Merck is pulling the plug on a cholesterol-lowering drug that met its main goal in a clinical trial but still raised questions about whether it would benefit patients.
Kenilworth, NJ-based Merck (NYSE: MRK) said Wednesday that it won’t seek regulatory approval for anacetrapib, a drug that inhibits a protein called cholesterolylester transfer protein (CETP). By blocking this protein, the drug was intended to raise levels of HDL—the “good” cholesterol. But CETP inhibitors as a drug class have fared poorly. Such drugs from Pfizer (NYSE: PFE), Roche, and Eli Lilly (NYSE: LLY) all failed in large clinical trials, and in some patients, produced serious side effects such as high blood pressure.
In August, Merck released results from a four-year, 30,499-patient clinical trial that showed the drug reduced the risk of major coronary events, such as heart attacks. Those results raised some hope that anacetrapib could challenge a new class of cholesterol-lowering medicines called PCSK9 inhibitors, which reduce the “bad” LDL cholesterol . But Merck also said the results showed that the drug accumulates in the body’s fat tissue after prolonged dosing, which can affect the distribution of a drug within the body. The drug was already linked to potential side effects on the kidneys, as well as higher blood pressure. Merck deferred a decision about the drug until it could study the results more closely.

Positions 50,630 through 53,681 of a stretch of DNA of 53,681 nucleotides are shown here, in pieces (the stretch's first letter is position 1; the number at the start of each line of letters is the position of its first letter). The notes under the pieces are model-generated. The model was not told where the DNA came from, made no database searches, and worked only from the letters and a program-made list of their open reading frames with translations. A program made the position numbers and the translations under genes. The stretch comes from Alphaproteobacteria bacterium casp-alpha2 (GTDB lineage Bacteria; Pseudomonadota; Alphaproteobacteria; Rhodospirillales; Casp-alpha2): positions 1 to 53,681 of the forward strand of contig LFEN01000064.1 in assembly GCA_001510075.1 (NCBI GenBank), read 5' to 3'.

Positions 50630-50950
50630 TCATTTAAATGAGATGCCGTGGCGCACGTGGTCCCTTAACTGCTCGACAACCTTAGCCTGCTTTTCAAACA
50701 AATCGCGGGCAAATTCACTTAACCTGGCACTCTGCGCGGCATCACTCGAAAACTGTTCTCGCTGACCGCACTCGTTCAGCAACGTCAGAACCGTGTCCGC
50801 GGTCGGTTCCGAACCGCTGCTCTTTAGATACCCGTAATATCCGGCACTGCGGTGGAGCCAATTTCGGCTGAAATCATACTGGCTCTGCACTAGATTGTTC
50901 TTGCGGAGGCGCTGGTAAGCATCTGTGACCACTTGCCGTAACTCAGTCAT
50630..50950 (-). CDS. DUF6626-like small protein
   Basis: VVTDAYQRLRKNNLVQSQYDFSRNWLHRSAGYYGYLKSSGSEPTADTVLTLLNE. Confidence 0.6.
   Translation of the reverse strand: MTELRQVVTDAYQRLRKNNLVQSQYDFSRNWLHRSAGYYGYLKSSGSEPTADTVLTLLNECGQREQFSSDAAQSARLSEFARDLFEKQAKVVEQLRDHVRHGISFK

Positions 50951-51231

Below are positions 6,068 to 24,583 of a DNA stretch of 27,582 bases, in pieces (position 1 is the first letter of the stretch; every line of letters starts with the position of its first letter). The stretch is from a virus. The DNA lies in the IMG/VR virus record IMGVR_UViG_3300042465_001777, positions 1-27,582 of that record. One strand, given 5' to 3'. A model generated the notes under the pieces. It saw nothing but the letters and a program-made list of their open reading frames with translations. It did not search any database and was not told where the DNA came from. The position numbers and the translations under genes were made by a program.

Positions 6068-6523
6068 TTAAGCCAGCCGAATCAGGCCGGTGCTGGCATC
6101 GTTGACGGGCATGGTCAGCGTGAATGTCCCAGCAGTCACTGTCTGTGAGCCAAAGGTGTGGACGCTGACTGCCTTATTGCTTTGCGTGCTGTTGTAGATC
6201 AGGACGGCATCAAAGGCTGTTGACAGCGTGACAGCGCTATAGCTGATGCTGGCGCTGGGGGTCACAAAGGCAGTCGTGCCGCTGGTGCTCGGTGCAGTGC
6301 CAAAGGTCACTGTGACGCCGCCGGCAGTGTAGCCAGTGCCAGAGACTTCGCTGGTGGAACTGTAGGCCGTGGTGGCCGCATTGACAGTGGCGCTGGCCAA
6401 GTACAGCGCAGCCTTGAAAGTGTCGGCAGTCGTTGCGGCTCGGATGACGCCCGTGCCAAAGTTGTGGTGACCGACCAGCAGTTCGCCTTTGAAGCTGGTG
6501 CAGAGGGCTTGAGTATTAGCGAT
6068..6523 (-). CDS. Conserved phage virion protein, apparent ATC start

Merck now says its review, which included discussions with external experts, concluded that the drug can’t go any further. In a brief prepared statement that does not elaborate on the company’s conclusions, Roger Perlmutter, president of Merck Research Laboratories, said that “the clinical profile for anacetrapib does not support regulatory filings.”
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